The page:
“The concept of a sculpture must not emanate from your bourgeois prejudices but only and exclusively from love. It is not only to you I say this: I constantly impress it upon myself as well.” - Giacomo Manzù
Born December 22, 1908, in Bergamo Italy, the twelfth child of a poor cobbler and sacristan. Although he was mainly self-taught in art, he began his career as a draughtsman and sculptor, after he received experience as an apprentice of woodcarving and eighteen months of military training in Verona. Influenced by the Etruscans, Roman and Gothic stonemasons, and Medardo Rosso, Manzù used his reactions to Parisian Impressionism to infuse his own work with light and materiality. He taught at the Turin Academy during the war years and in 1942 he established a studio near Milan, where he began working with genre subjects. The unlikely pair of Pope John XXIII, fellow citizen of Bergamo, and Manzù, Communist sculptor, created a warm and significant friendship which resulted in many beautiful works of art. Pope John commissioned several important works, including his portrait bust and perhaps Manzù’s most important work, the portal of St. Peter’s Cathedral in Rome- the first new doors in the cathedral for 500 years. Manzù passed away January 17, 1999.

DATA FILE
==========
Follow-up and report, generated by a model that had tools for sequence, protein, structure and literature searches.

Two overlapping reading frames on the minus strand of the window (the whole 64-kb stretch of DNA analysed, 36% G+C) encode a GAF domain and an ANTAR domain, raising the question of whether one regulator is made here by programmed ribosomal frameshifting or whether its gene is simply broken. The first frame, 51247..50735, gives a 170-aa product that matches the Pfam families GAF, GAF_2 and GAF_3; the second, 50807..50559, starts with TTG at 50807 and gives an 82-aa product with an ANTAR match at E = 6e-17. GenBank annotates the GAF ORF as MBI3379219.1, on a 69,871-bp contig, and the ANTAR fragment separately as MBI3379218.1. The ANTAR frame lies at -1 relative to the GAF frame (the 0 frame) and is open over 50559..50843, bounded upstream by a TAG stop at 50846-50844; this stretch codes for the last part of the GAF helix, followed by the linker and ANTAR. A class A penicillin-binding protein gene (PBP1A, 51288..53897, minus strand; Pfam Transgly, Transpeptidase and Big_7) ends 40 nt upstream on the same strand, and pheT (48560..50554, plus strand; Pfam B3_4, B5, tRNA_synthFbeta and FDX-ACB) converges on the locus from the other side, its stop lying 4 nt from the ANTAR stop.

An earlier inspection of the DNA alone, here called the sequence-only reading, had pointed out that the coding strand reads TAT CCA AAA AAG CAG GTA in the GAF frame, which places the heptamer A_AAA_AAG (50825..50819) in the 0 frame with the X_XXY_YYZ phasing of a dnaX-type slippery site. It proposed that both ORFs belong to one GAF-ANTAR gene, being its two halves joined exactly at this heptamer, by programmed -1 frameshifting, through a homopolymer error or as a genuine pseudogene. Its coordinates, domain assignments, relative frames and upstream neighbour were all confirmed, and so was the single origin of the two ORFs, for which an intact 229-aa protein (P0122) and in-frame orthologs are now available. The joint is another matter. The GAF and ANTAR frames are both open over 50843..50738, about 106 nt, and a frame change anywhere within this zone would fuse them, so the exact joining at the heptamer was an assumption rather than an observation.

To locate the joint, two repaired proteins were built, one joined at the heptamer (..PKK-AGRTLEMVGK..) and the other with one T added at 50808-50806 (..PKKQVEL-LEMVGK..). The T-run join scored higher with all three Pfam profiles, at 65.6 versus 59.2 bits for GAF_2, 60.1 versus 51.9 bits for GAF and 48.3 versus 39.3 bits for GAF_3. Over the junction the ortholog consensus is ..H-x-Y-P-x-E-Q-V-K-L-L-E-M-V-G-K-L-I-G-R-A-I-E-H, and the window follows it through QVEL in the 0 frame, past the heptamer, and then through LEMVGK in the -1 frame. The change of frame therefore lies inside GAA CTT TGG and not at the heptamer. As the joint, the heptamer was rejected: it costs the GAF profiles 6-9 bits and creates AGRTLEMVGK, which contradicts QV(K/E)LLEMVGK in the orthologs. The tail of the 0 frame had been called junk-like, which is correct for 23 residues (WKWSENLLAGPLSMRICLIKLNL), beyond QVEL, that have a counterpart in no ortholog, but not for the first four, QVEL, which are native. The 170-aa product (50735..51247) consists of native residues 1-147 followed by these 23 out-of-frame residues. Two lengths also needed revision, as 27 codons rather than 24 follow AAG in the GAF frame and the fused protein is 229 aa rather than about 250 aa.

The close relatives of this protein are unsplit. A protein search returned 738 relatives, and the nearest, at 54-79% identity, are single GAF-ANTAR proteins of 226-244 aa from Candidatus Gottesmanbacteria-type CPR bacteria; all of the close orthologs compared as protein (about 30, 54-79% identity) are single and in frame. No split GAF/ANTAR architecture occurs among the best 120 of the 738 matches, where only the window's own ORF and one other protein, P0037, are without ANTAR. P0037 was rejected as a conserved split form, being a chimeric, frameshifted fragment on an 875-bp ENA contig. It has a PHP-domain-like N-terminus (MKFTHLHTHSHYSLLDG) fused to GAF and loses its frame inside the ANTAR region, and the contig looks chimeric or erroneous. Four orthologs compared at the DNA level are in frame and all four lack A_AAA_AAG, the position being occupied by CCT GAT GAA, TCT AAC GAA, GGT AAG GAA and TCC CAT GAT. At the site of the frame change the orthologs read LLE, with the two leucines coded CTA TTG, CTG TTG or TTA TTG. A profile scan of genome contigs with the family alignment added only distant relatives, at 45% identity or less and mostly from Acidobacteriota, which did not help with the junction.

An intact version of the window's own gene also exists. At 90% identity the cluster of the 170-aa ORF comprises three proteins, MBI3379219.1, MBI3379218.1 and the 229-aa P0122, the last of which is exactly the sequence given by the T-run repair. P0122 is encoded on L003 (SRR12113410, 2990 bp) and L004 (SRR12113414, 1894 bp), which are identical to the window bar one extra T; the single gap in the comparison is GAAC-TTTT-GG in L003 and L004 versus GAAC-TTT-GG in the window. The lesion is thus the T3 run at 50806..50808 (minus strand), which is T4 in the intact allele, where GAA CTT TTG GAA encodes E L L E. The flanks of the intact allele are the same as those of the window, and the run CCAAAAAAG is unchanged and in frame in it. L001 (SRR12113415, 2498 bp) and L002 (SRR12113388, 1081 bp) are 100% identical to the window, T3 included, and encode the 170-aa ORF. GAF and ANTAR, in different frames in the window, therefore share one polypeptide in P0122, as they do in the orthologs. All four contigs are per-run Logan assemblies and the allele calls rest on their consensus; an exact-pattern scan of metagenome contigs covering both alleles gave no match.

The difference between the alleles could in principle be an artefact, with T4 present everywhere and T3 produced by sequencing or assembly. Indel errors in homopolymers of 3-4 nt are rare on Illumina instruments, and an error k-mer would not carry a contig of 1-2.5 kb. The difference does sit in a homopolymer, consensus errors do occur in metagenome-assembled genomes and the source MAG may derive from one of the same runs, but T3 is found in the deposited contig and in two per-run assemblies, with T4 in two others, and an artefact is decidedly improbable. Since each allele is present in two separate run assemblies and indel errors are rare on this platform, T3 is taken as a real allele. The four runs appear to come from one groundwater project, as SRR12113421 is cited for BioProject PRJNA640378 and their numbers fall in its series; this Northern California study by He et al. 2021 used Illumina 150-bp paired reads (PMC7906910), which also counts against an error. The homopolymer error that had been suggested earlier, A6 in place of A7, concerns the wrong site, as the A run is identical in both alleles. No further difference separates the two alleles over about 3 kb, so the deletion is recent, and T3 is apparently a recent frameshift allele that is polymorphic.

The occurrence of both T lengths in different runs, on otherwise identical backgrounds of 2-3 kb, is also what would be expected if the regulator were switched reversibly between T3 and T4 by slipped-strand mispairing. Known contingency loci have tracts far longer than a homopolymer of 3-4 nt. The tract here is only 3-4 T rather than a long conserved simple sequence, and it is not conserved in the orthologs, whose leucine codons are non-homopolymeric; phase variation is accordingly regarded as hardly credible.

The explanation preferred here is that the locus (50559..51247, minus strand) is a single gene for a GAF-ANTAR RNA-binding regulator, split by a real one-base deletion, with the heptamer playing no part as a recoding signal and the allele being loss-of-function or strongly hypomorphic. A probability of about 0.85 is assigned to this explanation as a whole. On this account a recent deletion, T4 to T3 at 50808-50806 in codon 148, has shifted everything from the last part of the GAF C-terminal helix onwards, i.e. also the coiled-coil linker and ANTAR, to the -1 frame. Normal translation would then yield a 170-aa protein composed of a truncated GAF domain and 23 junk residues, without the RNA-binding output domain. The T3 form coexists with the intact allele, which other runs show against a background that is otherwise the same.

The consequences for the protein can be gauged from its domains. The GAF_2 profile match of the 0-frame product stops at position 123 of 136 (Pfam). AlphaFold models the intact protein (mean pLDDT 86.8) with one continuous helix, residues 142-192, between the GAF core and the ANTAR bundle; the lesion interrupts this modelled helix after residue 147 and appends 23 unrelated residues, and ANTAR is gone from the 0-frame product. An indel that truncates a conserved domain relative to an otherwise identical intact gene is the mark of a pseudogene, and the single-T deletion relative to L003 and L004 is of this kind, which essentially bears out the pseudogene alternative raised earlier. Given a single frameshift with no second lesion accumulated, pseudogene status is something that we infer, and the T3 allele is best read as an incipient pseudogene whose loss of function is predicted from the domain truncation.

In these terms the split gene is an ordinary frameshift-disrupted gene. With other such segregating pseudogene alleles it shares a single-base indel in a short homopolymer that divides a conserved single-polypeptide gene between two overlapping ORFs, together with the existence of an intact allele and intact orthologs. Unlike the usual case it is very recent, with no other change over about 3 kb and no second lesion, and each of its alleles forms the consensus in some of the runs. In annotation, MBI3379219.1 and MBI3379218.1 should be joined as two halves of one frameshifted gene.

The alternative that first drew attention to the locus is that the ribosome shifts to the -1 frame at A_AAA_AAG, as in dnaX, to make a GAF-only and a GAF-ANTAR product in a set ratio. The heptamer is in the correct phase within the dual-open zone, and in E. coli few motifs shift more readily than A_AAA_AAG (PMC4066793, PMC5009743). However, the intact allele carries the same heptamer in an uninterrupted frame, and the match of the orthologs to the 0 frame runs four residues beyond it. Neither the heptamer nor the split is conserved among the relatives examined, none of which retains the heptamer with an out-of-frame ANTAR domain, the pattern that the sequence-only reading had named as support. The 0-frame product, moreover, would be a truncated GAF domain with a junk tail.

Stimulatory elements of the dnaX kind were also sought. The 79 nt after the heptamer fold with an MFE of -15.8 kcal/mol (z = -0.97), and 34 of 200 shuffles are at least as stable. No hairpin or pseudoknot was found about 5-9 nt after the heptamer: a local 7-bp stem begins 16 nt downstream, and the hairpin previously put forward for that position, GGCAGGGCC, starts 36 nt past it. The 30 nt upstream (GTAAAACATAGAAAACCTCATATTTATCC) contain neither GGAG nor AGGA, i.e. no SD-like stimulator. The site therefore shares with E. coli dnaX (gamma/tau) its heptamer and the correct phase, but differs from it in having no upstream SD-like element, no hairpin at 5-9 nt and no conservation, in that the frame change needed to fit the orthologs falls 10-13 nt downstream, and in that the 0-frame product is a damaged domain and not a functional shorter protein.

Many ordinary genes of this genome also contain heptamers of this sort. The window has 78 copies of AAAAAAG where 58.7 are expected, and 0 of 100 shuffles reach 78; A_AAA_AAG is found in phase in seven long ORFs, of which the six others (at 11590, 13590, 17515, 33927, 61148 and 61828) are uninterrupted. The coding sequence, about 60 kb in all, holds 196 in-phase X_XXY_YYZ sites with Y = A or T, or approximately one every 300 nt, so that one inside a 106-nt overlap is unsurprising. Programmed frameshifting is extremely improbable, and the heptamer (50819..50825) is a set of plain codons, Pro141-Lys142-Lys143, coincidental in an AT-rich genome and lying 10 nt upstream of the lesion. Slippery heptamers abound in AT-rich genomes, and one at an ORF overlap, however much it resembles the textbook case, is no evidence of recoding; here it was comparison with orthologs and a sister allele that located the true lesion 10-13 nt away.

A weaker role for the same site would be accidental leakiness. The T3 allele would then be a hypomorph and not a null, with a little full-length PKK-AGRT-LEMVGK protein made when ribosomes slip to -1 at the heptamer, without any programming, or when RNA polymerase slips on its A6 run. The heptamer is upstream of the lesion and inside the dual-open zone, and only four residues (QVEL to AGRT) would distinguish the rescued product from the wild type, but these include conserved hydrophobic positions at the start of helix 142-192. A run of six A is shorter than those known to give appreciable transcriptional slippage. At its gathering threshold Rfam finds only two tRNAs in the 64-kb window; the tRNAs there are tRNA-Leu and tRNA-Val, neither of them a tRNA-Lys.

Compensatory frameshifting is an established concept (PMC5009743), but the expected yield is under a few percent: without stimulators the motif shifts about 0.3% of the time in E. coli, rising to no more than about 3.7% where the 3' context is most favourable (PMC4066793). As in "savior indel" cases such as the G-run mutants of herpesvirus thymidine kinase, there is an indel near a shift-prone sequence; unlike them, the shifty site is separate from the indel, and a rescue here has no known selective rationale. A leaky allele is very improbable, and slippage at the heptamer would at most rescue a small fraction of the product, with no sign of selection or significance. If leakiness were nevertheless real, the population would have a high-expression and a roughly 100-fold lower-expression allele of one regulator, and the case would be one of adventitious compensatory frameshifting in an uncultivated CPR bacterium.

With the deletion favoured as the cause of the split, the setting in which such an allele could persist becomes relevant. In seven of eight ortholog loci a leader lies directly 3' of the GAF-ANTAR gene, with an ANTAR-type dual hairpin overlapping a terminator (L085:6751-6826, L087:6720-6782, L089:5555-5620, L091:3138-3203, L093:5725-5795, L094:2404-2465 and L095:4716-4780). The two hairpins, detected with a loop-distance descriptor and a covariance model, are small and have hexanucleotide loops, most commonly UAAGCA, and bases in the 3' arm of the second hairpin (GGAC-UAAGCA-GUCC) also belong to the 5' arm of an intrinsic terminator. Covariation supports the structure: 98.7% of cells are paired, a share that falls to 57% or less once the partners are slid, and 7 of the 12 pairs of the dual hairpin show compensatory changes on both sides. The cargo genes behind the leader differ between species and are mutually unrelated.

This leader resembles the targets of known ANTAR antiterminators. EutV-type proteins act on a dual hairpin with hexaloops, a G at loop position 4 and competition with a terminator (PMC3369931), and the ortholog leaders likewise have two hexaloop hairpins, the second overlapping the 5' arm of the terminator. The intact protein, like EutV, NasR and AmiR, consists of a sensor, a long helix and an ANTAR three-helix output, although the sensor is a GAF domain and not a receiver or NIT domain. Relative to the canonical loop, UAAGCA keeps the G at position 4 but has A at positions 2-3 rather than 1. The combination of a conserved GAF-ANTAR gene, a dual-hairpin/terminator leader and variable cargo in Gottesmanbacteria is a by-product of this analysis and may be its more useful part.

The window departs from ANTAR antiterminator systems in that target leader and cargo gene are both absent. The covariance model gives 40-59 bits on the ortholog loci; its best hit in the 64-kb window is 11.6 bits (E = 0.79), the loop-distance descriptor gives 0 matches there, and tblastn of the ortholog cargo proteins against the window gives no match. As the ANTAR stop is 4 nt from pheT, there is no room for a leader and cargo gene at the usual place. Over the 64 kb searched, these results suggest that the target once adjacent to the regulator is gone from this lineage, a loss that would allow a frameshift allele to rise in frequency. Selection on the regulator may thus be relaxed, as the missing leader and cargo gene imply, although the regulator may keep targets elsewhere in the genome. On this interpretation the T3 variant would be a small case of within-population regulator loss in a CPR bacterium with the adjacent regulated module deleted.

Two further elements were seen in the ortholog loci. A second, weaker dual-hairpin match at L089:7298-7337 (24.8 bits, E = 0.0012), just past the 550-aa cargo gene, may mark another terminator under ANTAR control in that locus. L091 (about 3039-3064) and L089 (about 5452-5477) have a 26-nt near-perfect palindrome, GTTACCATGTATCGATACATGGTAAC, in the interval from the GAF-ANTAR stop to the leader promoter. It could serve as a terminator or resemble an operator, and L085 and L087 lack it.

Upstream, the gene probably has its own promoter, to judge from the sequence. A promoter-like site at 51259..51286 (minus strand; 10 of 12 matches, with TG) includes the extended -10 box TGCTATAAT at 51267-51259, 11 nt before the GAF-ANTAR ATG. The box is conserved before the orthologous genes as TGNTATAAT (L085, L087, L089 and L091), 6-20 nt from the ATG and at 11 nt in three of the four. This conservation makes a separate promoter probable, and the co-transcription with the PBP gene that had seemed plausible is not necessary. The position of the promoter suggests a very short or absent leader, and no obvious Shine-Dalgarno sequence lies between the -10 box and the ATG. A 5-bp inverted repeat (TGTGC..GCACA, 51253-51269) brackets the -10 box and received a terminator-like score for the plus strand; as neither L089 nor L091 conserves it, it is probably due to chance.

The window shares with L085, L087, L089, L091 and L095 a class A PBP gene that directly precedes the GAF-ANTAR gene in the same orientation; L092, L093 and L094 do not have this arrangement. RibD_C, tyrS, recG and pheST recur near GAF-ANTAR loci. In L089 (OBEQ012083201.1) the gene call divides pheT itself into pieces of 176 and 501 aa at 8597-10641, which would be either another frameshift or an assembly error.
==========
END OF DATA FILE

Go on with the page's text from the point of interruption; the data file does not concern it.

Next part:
*Excerpt from a speech given to his students at the conclusion of his lectureship in Salzberg, 1960.